Frequently Asked Questions PDF Print E-mail


Protection Orders

What are Protection Orders?

A Protection Order is granted by a Judge and orders the defendant to have no contact with you. The defendant should not enter your home or approach you at your place of work or school. If the defendant violates the Protection Order, a new charge may be filed and the defendant could be arrested again.

Are all Protection Orders the same?

No. There are three different kinds of Protection Orders. A Judge in a criminal case in Municipal or Common Pleas Court may issue a Temporary Protection Order (TPO) in a case depending on the type of charge and your relationship to the defendant. A Judge in Domestic Relations Court issues a Civil Protection Order (CPO). A Judge in Common Pleas Court can also issue an Anti-Stalking Civil Protection Order.

What is the difference between criminal and civil Protection Orders?     

Protection orders issued by the Municipal or Common Pleas Courts in a criminal case are temporary. They expire at the end of the case or sentencing of the defendant. Civil Protection Orders issued by the Domestic Relations Court can last up to five years and may be renewed. Civil Protection Orders issued by the Domestic Relations Court can also address issues of custody, division of property, and financial support.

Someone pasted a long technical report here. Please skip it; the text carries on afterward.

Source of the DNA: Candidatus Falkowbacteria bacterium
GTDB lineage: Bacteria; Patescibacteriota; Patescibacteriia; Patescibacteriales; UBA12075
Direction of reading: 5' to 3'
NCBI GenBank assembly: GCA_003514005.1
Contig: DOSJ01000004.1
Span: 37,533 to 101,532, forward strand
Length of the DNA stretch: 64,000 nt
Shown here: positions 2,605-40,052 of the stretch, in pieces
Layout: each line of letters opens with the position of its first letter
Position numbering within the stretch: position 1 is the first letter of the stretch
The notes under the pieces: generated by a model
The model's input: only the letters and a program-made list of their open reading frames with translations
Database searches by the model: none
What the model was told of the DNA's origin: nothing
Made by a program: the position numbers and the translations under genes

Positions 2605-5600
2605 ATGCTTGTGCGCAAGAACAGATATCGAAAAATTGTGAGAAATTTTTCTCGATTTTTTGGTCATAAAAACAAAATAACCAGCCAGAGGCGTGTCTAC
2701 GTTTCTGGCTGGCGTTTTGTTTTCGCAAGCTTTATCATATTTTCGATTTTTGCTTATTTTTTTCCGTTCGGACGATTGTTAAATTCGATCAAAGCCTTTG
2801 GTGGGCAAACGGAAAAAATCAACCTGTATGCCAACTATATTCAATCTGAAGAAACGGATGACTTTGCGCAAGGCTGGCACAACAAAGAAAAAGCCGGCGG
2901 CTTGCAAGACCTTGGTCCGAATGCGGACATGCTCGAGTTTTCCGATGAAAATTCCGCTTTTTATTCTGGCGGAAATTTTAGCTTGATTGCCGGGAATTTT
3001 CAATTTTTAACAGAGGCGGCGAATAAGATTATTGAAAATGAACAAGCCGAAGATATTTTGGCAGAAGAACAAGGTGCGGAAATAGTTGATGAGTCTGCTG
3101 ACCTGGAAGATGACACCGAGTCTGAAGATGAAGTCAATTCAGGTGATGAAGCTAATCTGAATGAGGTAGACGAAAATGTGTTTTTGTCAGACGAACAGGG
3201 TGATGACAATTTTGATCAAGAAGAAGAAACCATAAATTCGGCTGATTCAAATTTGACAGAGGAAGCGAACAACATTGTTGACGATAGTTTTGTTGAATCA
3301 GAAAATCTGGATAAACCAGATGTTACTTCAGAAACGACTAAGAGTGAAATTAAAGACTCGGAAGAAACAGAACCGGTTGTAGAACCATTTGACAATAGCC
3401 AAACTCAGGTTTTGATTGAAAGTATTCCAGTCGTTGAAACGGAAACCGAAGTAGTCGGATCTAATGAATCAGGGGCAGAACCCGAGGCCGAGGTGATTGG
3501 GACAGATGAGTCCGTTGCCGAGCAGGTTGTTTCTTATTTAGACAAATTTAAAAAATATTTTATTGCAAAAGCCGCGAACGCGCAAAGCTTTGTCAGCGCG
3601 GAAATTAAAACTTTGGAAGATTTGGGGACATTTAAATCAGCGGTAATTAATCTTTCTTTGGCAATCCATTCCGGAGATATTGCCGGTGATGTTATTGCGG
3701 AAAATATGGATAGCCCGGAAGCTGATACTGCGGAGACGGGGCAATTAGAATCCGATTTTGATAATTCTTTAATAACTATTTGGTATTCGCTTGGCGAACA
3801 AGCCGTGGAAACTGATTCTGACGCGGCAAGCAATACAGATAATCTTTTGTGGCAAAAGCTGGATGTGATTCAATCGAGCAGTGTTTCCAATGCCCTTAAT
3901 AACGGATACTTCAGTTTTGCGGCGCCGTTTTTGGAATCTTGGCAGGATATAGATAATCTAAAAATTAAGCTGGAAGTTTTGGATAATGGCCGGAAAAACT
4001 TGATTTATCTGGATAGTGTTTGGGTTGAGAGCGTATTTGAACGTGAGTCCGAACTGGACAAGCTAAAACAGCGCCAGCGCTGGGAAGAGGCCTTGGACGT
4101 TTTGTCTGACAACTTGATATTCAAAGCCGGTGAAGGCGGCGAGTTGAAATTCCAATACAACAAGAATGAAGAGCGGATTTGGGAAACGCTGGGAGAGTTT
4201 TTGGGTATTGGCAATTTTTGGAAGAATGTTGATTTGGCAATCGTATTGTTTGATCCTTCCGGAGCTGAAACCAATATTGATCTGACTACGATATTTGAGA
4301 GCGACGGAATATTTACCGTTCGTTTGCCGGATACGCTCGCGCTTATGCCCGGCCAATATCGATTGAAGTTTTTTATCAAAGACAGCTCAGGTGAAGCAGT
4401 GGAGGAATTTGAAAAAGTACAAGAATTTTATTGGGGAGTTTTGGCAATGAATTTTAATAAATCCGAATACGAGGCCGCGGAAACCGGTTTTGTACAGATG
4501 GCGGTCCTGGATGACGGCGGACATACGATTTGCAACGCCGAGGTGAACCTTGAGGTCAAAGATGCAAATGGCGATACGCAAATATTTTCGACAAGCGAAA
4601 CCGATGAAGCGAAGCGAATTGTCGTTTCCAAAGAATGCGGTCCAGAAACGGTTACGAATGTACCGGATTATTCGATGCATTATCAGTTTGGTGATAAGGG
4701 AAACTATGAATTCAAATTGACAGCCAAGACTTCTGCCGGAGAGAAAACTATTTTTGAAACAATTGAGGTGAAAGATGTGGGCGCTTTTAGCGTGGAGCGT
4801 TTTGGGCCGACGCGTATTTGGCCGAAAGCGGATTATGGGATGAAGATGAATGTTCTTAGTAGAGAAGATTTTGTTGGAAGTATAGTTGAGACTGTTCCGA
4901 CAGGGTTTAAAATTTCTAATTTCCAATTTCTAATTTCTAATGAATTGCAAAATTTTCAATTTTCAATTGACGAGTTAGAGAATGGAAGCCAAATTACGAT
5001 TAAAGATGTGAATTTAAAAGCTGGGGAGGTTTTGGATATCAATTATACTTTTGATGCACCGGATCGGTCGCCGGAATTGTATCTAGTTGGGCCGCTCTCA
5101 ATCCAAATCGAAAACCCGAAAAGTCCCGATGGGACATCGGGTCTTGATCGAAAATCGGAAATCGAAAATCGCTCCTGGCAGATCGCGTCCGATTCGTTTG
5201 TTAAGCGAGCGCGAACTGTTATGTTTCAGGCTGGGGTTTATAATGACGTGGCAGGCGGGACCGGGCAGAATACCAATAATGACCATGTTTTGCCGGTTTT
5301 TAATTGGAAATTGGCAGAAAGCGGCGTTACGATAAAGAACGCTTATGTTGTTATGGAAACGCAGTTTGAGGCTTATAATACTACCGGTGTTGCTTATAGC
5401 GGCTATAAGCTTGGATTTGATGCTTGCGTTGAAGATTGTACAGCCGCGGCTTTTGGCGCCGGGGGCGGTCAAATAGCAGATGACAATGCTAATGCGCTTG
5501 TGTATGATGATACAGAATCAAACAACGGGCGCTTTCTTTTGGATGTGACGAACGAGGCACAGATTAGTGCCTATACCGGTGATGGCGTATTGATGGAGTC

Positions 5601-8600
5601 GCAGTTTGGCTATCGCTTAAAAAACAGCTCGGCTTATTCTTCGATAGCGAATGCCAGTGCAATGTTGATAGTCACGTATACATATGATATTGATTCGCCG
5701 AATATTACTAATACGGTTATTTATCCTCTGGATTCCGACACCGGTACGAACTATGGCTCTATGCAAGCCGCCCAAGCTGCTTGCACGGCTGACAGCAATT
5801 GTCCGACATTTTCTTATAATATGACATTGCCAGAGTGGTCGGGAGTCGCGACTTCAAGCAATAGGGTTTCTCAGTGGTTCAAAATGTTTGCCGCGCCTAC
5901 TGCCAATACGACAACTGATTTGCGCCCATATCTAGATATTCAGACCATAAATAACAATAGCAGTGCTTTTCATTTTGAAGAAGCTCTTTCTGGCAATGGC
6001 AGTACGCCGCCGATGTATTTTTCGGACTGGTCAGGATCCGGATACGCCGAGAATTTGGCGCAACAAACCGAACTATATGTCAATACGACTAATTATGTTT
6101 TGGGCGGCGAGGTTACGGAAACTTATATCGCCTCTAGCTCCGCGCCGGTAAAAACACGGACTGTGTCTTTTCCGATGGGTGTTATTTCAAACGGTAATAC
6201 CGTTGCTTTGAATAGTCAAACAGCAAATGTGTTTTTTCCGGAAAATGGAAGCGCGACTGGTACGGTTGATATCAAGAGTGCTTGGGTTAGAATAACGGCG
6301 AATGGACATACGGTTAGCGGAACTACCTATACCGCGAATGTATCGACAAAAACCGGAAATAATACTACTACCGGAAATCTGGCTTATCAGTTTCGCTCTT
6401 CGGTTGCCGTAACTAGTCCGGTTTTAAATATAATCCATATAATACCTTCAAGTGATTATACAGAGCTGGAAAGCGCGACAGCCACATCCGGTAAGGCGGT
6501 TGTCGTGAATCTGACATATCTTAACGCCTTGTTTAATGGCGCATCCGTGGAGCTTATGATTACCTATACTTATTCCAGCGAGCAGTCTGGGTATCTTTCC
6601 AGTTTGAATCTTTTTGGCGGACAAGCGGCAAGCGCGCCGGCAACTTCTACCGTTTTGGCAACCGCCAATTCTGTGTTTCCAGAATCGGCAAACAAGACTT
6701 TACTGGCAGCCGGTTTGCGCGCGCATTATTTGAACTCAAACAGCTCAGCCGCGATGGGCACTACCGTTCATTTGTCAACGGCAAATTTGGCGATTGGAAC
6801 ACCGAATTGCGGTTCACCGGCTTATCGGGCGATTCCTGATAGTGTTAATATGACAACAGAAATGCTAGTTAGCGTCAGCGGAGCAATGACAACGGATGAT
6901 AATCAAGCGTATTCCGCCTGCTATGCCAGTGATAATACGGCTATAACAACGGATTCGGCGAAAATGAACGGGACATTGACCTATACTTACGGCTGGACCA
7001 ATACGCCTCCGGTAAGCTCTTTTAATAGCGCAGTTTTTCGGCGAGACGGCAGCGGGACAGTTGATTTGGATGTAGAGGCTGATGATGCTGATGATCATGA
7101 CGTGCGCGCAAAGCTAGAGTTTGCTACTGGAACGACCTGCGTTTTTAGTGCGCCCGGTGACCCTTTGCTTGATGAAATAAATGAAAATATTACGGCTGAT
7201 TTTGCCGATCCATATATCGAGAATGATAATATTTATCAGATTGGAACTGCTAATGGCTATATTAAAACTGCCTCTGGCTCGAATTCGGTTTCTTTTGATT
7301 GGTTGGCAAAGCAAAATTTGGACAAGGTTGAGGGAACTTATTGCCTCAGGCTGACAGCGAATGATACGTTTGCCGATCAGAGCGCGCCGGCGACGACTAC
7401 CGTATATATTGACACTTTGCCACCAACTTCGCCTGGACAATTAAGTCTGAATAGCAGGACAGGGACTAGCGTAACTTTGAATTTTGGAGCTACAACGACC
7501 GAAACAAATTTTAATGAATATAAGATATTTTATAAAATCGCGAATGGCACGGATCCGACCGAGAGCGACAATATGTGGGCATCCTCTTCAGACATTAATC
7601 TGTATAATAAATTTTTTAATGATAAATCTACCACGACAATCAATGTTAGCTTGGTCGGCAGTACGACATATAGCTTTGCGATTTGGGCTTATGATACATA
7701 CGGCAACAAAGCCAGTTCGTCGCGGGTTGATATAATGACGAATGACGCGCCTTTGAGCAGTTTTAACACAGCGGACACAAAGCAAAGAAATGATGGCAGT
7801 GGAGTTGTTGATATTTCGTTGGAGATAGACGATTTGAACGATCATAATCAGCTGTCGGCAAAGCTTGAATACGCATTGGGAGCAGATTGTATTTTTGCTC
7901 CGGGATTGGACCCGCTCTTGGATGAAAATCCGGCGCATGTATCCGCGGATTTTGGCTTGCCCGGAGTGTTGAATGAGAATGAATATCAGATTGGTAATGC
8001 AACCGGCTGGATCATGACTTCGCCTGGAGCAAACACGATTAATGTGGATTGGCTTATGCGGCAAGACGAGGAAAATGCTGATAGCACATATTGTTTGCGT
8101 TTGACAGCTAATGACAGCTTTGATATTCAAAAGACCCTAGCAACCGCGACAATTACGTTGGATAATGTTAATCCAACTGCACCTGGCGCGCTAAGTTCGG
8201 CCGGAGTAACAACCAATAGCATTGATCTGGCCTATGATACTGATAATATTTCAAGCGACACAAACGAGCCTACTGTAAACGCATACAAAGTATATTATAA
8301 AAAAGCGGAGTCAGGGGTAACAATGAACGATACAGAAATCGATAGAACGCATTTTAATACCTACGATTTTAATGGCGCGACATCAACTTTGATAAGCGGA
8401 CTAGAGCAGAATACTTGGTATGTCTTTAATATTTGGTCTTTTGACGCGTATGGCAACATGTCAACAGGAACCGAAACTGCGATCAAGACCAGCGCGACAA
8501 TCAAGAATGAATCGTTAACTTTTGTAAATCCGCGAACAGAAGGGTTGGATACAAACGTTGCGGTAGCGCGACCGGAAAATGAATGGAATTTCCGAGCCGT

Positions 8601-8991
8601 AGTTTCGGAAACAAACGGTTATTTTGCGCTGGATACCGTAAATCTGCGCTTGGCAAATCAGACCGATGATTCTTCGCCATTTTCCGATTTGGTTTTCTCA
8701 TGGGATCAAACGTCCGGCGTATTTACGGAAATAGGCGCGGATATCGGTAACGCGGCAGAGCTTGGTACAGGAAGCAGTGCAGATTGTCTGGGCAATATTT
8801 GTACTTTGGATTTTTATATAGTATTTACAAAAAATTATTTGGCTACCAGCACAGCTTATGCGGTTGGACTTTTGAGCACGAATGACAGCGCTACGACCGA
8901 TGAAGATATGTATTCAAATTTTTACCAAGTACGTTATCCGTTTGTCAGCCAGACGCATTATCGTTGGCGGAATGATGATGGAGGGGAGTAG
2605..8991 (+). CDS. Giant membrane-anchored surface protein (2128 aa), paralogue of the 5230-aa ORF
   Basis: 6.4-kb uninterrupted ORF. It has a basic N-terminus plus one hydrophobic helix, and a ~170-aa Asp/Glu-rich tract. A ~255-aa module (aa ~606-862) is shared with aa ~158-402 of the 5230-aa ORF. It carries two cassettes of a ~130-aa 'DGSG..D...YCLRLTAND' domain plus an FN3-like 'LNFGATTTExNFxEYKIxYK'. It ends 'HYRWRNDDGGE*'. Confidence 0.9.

Who can get a Protection Order in a criminal case?

The Municipal Court and/or Common Pleas Court may grant protection orders as part of the criminal case to Victims of any of the following offenses: Domestic Violence, Domestic Violence by Menacing, Felonious Assault, Aggravated Assault, Assault, Menacing by Stalking, Aggravated Trespass, Aggravated Menacing, and Menacing.

How do I get a Protection Order in a criminal case?

A criminal charge must have been filed against the defendant (the person charged with the crime); the crime must be one of those listed in the answer to the previous question; you must be the Victim of the crime; and your relationship with the defendant must comply with the law. You may be asked to sign a request for a protection order at the time the criminal charges are filed. Your request puts the court on notice that you seek its protection. If you make such a request, the court may require you to come forward for a hearing before it issues the Protection Order. This usually happens on the day the defendant has an initial appearance.

Can anyone help me obtain a Protection Order?

Yes. The Domestic Violence Unit/SAFE Program, The Victim Assistance Program and the Battered Women’s Shelter all regularly assist Victims in understanding this area of the law. You can contact them at:

SAFE Program(Domestic Violence Unit)

Victim Assistance Program

Battered Women’s Shelter

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